[This is the second part of a two-part blog post. If you haven’t done so, please read Part One before reading this. Thanks!]
Preparing for a Specific Assessment
Start preparing well in advance, not the night before. This way when you find that there are things you need help with, you’ll have time to write down questions and get that help from your teacher in time for the assessment.
Some students find it very helpful to study with a friend or a study group; students can get help from each other and benefit from each others' strengths.
If the test will be timed, you should bring a watch or timer into the test with you, not just rely on a wall clock. This can help you be more on top of the passage of time, and it can help you pace yourself.
Make sure you have a good night’s sleep the night before and a healthy breakfast that day. According to the National Sleep Foundation, children between the ages of 5 and 10 need between 10 and 11 hours of sleep each night, and children between the ages of 10 and 17 need somewhere in the vicinity of 8.5-9.25 hours of sleep each night. Are you getting enough sleep?
Make thorough use of your textbook, which often has a lot of resources for students who are proactive (answers to odd numbered problems in the back, additional practice problems, etc). Rereading examples worked out in the text can be helpful, but it’s not enough: Trying practice problems is invaluable (when the answers are available so you can self-check).
On an Ongoing Basis During the Summer
Lots of students read during the summer, perhaps play music, and maybe engage in art projects as well. But how many students engage in mathematics-related activities over the summer? I would suggest that it’s a very small number, and that’s a shame. Typically, if a student is “doing math” over the summer it’s because they’re struggling and need additional support. While it’s certainly very important for a student to get this support, I strongly recommend that all students should be engaging in some sort of mathematical endeavors during the summer. This can take many forms. Students can practice skills in any of a number of skills-based workbooks, reinforcing what they learned in the previous year. They can work on mathematical puzzles, which can be found free at a wide range of sites. They can enjoy materials specifically designed for enrichment purposes, materials that can help feed (or spark) a student’s love for mathematics. (If you haven't done so, please check out the MathFreax Feed Your Brain program by clicking on the link at the top right.) Whichever direction they choose to go, engaging in mathematical thinking, problem solving, and basic skills reinforcement should definitely be a part of every student’s summer.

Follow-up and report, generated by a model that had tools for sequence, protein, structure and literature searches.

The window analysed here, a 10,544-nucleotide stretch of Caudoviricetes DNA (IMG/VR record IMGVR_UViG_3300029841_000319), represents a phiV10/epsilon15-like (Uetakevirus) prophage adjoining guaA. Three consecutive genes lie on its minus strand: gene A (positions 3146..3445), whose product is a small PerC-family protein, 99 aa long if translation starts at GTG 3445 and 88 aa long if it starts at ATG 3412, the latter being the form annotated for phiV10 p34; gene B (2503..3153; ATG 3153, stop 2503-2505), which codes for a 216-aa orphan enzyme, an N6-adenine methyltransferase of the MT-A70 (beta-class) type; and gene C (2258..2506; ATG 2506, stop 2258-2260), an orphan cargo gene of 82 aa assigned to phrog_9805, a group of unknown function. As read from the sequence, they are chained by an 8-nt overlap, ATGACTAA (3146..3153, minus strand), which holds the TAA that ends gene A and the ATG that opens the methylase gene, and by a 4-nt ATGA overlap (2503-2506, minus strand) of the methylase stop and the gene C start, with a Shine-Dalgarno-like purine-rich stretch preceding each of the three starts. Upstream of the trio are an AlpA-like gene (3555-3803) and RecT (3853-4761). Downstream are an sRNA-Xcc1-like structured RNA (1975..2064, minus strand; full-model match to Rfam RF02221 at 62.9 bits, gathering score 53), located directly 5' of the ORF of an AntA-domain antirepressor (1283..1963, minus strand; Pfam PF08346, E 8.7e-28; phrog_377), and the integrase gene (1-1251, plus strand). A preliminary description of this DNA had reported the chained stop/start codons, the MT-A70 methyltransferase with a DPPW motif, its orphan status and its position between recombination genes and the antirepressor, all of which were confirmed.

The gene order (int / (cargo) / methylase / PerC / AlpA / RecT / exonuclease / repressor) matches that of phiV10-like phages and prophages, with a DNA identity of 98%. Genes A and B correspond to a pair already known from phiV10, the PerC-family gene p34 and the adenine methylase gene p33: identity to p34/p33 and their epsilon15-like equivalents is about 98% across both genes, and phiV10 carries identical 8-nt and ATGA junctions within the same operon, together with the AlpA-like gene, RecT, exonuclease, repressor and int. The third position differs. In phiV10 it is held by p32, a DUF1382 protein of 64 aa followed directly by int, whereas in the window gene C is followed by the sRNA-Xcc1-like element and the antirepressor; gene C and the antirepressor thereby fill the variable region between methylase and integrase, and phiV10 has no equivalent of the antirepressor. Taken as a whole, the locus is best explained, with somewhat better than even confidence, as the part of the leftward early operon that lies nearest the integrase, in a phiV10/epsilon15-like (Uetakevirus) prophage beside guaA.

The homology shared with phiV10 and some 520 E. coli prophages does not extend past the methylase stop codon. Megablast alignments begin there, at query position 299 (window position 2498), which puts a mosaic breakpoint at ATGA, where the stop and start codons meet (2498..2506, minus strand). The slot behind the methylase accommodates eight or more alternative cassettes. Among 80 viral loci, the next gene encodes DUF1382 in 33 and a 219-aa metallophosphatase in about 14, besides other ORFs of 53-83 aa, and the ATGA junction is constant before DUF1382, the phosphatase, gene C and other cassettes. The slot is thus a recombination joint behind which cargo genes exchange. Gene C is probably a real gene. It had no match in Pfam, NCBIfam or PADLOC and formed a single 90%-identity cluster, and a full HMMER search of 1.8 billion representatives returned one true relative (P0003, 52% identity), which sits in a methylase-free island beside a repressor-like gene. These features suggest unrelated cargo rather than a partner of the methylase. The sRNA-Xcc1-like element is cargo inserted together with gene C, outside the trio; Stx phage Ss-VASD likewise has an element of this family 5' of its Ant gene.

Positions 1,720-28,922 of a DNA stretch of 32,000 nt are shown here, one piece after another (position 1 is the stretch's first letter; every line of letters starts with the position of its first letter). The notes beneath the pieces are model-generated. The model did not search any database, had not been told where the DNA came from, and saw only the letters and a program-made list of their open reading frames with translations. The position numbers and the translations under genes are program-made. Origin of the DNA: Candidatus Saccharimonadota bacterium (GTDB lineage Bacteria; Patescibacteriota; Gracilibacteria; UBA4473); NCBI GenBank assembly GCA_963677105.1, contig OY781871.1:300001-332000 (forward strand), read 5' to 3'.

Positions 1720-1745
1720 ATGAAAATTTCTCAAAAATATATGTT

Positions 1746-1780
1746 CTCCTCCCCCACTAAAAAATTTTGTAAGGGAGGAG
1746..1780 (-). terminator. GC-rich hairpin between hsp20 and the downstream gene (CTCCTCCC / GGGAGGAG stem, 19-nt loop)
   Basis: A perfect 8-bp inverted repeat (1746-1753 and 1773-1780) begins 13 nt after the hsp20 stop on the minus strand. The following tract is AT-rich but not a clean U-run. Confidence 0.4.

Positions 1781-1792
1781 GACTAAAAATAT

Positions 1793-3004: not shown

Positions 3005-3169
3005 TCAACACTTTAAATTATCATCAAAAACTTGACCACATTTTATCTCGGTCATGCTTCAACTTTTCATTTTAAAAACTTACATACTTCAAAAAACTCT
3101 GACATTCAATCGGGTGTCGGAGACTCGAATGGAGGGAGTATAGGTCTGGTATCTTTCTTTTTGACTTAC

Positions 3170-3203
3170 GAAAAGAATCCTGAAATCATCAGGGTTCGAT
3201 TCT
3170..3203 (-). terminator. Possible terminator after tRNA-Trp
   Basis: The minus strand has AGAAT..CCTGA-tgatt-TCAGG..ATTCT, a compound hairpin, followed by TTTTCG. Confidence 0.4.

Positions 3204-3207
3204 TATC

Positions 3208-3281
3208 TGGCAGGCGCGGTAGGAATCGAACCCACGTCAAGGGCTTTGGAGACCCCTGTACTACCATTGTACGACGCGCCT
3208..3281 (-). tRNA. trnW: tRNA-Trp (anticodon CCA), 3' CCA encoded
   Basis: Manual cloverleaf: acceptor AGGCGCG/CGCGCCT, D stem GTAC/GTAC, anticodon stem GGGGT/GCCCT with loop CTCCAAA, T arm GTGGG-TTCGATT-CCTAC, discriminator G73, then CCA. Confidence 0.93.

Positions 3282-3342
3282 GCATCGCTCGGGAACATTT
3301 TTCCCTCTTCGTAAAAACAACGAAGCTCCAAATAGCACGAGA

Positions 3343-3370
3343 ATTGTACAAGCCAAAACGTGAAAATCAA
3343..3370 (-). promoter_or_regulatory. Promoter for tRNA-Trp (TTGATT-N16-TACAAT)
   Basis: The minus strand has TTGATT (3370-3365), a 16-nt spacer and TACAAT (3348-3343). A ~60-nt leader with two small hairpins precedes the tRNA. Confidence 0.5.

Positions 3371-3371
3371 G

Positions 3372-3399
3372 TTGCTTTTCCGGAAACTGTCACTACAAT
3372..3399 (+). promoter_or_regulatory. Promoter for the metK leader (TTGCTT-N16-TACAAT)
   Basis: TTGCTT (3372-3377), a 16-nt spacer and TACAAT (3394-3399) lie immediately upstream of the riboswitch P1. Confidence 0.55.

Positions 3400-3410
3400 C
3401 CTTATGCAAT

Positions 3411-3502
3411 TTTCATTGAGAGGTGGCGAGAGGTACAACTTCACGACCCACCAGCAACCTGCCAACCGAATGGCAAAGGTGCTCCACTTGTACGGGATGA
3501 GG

Just for the Parents
Stay on top of the math that your child is studying. Express genuine interest in what they’re learning. Ask them to explain things if you don’t understand - allowing them to see you as a learner is very healthy for both of you, and through providing a verbal explanation they may find their own understanding becoming more clear. It has often been said, “The best way to learn is to teach.”
If you feel that your child is struggling, be proactive and encourage them to be proactive as well; encourage them to seek additional assistance at school, and don’t hesitate to get in touch with their teacher.
Developing mental math facility is fundamental to success in all areas of math, and one way to foster this is by playing mental math games in the car, while waiting on line, over dinner, and any time that you have a few spare minutes.
I hope that in this article you find many practical suggestions. Math is truly a wonderful subject, and success in math is attainable for all students.